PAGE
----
Man to Man -- Sharing Faith through Tradition
I know I said that I would be taking a hiatus from MAN TO MAN, but I find I have one more thought I’d like to share with you during this Christmas time. It would have been better shared before Advent, but I feel it’s important enough to share at this late date.
As you may know, I have referred to the movie FIDDLER ON THE ROOF a couple of times in my articles. One of the most memorable songs, and expressions, in the movie is TRADITION. While many scenes depict the impact tradition has on our lives, the most powerful one for me is the sequence at the Sabbath table. The children watch and listen as their parents perform the ritual, speak the liturgy, pray the prayers, sing the hymns, at home! They are steeped in this!
I would like to share with you a tradition we began as a family when our children were young. When our daughter, the oldest, was in about the third grade, they made a simple Advent “wreath,” in Sunday School class. Three blocks of wood, with holes drilled in them, glued together, and painted green. And they received a little liturgy to read each Sunday of Advent.
We lit the candles and read the liturgy around our table every Sunday, with each child reading a part as they were able. At first, we may have done it mainly to please our daughter. But, over the years, it simply became a tradition with us. And our children grew up with the knowledge that we did not open the gifts until after Advent.
We used that little candle holder for years! We eventually bought a very nice wreath, with Christian symbols, which came with a written explanation for each symbol. After the Advent liturgy, with hymn, was finished and candles were extinguished, which became a competition in itself, THE EXAM BEGAN! Each of us had to recite the explanation of their assigned symbol from memory.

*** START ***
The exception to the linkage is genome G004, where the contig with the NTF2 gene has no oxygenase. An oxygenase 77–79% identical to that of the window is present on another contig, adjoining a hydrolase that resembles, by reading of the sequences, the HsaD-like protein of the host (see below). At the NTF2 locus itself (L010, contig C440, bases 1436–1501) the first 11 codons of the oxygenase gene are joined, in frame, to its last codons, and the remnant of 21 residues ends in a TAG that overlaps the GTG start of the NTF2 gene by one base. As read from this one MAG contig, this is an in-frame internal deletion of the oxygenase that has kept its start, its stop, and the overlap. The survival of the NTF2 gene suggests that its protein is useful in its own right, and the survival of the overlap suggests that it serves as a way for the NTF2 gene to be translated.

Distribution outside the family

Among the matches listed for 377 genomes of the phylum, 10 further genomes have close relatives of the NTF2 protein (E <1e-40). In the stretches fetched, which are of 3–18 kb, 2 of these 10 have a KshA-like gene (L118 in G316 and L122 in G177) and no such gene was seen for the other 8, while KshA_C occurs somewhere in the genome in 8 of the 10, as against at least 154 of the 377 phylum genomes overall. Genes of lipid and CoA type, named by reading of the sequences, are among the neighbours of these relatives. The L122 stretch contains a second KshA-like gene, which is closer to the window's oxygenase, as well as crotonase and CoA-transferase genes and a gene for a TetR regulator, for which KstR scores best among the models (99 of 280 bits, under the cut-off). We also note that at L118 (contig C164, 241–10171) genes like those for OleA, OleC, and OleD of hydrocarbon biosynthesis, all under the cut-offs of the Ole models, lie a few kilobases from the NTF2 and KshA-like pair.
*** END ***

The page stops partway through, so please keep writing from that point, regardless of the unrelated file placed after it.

As the family grew, each additional person, spouse-in-law or grandchild, received their assignment. THEN, we opened our gifts! While there was/is much good natured teasing/laughing as some of us struggle to remember our assignment, several important things are occurring. Most importantly, traditions are being established and reinforced, and passed on from generation to generation. Not just the tradition of “this is what we do each year,” but rather the recollection of the true Christmas story and how, through the birth of Jesus, God’s plan of forgiveness, love, grace, and reconciliation is revealed to the world! This is the TRADITION we, as parents and grandparents, should be reinforcing and passing on to the next generation!
Deut. 6:6-7 says, “These commandments (God’s revelation of His Truth - mine) I give you today are to be on your hearts. Impress them on your children. Talk about them when you sit at home and when you walk along the road, when you lie down and when you get up.”
As the Church continues to be concerned about how the truth of Christmas seems to be pushed further and further into the background by the commercialism of Christmas, we, as parents and grandparents, need to assume our responsibilities in reversing this trend. As the Deuteronomy passage reminds us, it is primarily our responsibly to make sure these truths are part of the TRADITION that we pass on.
God showed Madge and I, through the Advent devotional, one way we could do it. Our daughter, the associate pastor at Grace UMC, in Corpus Christi, recently mentioned to that congregation, that the Advent celebrations we did at home were one of the reasons she is who she is. I’m sure it was God’s work, but we did our part.
Earnestly and persistently ask God how He would have you fulfill Deut. 6:6-7 for your family. I’m sure He has an app for that, just right for you!
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